A brief history of Paramount and its blues recordings. Illustrated. Full text available online.
Olson, Robert R. Country Music on 78s. s.l.: s.n., 2001. ML156.4 C7 O47 2001z Reference
Contains lists of the Paramount 3000 series (reprinted from JEMF Quarterly with some additions) and the Broadway 8000 series.
“A Preliminary Paramount 3000 Series Numerical.” JEMF Quarterly 12 (Spring 1976): 29-39. ML1 J1
An incomplete discography of the Paramount 3000 “Old Time Tunes” series. Contains key to reissues on other labels, particularly Broadway.
“A Preliminary Vernon Dalhart Discography. Part XI: Paramount Recordings.” JEMF Quarterly 9 (Summer 1973): 83. ML1 J1
A slight discography. Paramount masters released on a variety of labels.
Rust, Brian. The American Record Label Book. New Rochelle, NY: Arlington House, 1978. ML156.2 R83 Reference
Contains an overview of the Broadway, Famous, Paramount, and Puritan labels.
Sutton, Allan. American Record Labels and Companies: An Encyclopedia (1891-1943). Denver: Mainspring Press, 2000. ML18 S9 2000
Contains background information on the Broadway, Famous, Paramount, and Puritan labels.
Sutton, Allan. “Sorting Out Puritan” The Mainspring: A Free Online Journal For Collectors of Vintage Records.
Van der Tuuk, Alex. Paramount’s Rise and Fall. Denver: Mainspring Press, 2003.
Van der Tuuk, Alex. “(P)redating Grafton’s L-matrix Series.” VJM’s Jazz and Blues Mart, no. 127 (Autumn 2002)
Von Arx, Rolf. “Broadway 5000 Series.” 78 Quarterly 1/10 (1999): 105-111. ML1 A174
A discography of the short-lived Broadway race series.
Vreede, Max. The Paramount 2000, 30000, 50000 and Related Series. photocopy, n.d. ML156.2 V74 1970z Reference
A collection of discographies including most series issued on the Paramount, Puritan, Broadway, and Famous labels.
Vreede, Max E. Paramount 12000/13000 Series. London: Storyville Pub., 1971. ML156 P22 V97 1971 Wisconsin Music Archives
This is a discography of the “race records” produced by the Paramount Record Co. of Port Washington during the 1920s and ’30s. Supplementing its numerical listing are indexes by song title and performer. The verso of virtually every page in the volume reproduces a Paramount advertisement for records in its race series.
Vreede, Max E. “Puritan-ism in Discography.” Storyville, no. 89 (1980): 178-184. ML5 S75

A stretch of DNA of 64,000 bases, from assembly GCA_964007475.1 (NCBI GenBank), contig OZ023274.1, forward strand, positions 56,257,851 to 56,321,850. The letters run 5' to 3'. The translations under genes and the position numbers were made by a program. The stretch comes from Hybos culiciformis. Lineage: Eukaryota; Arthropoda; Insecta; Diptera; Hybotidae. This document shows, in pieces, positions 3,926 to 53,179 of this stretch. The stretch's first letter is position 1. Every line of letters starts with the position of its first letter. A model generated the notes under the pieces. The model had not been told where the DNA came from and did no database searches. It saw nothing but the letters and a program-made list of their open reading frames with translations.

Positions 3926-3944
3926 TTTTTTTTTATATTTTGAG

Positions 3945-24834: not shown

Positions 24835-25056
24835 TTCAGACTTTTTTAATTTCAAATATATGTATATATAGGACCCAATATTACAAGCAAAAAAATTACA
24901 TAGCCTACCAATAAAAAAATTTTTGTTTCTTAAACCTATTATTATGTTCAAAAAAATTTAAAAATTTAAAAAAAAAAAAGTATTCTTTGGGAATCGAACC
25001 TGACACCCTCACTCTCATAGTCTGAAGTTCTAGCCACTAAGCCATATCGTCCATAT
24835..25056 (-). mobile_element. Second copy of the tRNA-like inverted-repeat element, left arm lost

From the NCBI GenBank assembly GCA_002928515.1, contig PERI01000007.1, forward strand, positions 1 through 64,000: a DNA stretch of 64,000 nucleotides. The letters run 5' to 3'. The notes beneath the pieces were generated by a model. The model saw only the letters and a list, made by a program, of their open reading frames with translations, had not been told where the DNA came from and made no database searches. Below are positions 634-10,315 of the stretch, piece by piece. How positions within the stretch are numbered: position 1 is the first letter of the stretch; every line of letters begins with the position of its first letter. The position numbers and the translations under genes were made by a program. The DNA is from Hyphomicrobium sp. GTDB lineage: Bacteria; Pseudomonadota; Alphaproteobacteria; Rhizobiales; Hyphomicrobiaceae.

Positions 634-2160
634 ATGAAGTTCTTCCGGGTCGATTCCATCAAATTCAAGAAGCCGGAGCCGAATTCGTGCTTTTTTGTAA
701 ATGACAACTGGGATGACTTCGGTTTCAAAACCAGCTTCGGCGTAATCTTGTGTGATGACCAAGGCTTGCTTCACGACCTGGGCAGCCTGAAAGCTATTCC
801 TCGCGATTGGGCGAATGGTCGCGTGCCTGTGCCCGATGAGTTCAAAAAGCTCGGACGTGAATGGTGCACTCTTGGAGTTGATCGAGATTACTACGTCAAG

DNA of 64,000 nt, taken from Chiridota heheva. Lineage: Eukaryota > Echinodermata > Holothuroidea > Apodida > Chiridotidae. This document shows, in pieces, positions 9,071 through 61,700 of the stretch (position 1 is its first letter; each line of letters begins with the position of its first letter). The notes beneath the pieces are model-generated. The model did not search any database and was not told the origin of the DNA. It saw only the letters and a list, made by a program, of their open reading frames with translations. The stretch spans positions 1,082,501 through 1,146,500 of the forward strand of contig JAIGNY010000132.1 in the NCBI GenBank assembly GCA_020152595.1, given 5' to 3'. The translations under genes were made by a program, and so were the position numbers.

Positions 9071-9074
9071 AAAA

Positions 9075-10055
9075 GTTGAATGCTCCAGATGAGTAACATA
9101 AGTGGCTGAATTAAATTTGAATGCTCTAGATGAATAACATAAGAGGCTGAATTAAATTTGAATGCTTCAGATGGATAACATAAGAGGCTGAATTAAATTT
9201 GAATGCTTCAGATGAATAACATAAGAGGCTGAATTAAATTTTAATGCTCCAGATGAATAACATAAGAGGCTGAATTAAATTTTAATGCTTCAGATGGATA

Discusses the relationship of recordings on the Puritan label issued by the New York Recording Laboratories of Port Washington and those released by the Bridgeport Die & Machine Co. of Bridgeport, CT. Numerous photos of sample labels.
Vreede, Max, and Guido Van Rijn. “The Paramount L Master Series.” 78 Quarterly 1/9 (1996): 67-87. ML1 A174
A list of the known Paramount L matrix series. These recording were produced in Grafton from November 1929 to July 1932.
Whelan, Pete. “The Man Who Bought Paramount.” 78 Quarterly 1/7 (1992): 30-41. ML1 A174
Interview with John Steiner centering on his purchase of Paramount records, his impression of former company executives, and reissues of recordings. Photos.
Wright, Laurie. “Dating Paramount’s Chicago Recordings 1923 – 1926.” Storyville (1996/1997): 58-72. ML5 S75
Wright, Laurie. “Dating Paramount’s Chicago Recordings 1923 – 1926 — Concluded.” Storyville (1998/1999): 80 – 87. ML5 S75
Wyler, Michael. “A Glimpse of the Past.” Storyville, no. 13 (1967): 14-15. ML5 S75
A brief look at the Famous label.
This discography is the product of the efforts of several people: Mary Seim initiated it as a student project; Steve Kurr subsequently expanded and modified it; and Jaeyeon Nam gave countless hours of her time inputting and revising it into its present form. All these efforts were overseen and subsequently continued by Steve Sundell. Technical support was provided by Kirstin Dougan, Charles Dean, Sue Dentinger, and Adi Shrivastava.